.
The bite was so small, that it was necessary to bow-stern anchor in order to stay off the rocks. The anchors went down okay and “set” fast. Probably too fast. In the evening, as the sun was going down, We had the idea to take our little inflatable out to snap a photo of Rhea. Never mind that the inflatable, at 8ft long, was definitely smaller than some of the sea lions out there….and that we were puttering around at sunset which is notorious for increased shark activity. From below I’m sure the dinghy would have looked like a fat incapacitated sea lion lolly gagging at the surface sending “eat me” vibes to any hungry sharks below. We got the shot though 🙂
.
Through the night, the 8ft swell managed to wrap around the NE corner of the island and directly into the cove. Locked in with bow-stern anchors, the swell was directly on the beam. And so commenced the least comfortable night I have ever spent at anchor. Daniel, who was sleeping on the settee, could not find anywhere to sleep on the boat where he was not unceremoniously tossed from his bunk within minutes due to the motion. I stayed awake watching our GPS position most of the night. When we woke up, the scene was crazy with swell breaking less than 100ft from the boat inside the cove.
.
And so began the Herculean process of getting our anchors back from the rocky bottom below. First up was the stern anchor which was firmly lodged in some rocks less than 50ft from the breaking swell. After 20 minutes of the most exhausting anchoring jiggling of our lives, it finally popped off the bottom. Unsurprising, the 3 strand nylon rode was chaffed 40% of the way through in one place. Yikes! Now for the bow anchor, a big 55lb mantus anchor attached to 300ft of 3/8 chain. After 40 minutes of back and forth in massive swell, it would not come un-lodged. I remember looking up at 45 degrees from the helm at Daniel and Johnny as they both rode the bow through the crest of a wave thinking “this is nuts, I am probably going to need to get the big bolt cutters out soon”. Swimming down to go dislodge the anchor certainly wasn’t an option. Shortly thereafter, the bow anchor managed to free itself from the rocky clutches of the Farallon sea bed and we had a fantastic quiet spinnaker run down to half moon bay. A sharp juxtaposition to the chaos we’d just experienced.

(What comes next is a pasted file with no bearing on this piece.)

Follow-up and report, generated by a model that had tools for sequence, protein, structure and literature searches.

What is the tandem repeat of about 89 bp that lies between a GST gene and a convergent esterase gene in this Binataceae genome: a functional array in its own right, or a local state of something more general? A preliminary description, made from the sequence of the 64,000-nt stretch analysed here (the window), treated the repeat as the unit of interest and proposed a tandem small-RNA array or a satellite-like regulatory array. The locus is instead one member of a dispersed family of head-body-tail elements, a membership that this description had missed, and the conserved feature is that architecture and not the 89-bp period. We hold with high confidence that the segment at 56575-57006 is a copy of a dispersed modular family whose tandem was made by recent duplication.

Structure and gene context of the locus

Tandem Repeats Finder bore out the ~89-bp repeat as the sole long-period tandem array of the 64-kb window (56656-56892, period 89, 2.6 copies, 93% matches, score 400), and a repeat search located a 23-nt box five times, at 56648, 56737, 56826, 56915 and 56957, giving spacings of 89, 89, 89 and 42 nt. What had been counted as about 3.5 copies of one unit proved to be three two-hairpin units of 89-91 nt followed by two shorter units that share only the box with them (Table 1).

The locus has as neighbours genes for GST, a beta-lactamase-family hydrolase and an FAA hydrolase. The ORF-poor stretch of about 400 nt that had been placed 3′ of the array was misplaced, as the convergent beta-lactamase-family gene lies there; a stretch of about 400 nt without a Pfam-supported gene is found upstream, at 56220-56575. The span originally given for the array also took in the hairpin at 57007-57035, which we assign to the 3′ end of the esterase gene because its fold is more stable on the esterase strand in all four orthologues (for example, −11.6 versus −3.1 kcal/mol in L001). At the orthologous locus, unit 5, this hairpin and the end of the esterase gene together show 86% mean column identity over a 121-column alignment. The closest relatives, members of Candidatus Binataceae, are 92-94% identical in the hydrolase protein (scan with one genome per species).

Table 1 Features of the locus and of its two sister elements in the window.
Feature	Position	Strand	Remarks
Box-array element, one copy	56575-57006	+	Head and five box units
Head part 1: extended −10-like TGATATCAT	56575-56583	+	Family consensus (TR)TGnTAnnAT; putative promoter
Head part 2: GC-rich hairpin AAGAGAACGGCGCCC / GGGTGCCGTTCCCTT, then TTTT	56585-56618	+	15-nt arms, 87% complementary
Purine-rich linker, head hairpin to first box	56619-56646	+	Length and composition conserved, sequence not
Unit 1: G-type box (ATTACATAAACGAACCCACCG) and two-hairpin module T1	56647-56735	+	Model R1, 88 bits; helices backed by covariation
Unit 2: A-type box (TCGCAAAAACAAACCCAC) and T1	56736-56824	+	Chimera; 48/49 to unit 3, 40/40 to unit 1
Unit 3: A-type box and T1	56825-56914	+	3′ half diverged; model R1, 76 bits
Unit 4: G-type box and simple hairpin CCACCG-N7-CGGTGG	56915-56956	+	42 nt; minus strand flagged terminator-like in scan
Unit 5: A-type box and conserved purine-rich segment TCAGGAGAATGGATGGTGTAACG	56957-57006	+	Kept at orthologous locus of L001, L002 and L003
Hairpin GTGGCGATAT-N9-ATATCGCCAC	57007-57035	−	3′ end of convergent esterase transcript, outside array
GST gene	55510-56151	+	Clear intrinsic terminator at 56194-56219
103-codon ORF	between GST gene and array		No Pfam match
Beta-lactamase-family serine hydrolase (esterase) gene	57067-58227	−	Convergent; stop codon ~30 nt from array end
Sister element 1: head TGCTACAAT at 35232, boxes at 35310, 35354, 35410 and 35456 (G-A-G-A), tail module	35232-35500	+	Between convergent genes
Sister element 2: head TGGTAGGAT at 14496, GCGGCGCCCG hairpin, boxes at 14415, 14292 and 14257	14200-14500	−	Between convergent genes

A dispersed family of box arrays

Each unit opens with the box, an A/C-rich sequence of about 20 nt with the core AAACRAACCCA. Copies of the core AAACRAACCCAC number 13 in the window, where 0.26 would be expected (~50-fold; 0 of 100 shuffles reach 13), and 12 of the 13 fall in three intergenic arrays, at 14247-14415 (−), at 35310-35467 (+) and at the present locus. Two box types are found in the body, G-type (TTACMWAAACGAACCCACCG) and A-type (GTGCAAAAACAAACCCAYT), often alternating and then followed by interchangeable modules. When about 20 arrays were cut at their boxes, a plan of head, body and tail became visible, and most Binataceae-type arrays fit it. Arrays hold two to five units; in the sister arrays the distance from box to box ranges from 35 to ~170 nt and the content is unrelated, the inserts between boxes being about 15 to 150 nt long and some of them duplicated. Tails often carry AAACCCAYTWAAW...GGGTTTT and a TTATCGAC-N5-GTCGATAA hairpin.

.
Looking back on that day, Im certainly glad that no great harm came of it. It could have. The photo we took in San Benedicto of Zephyr present day isn’t quite as epic but it certainly was a whole lot safer due to all the lessoned learned the hard way on where to and not to anchor.

Welcome Aboard!

We'll be sending updates when we post upcoming blog and video content. Subcribe to keep in touch and see where this journey goes!

Right on!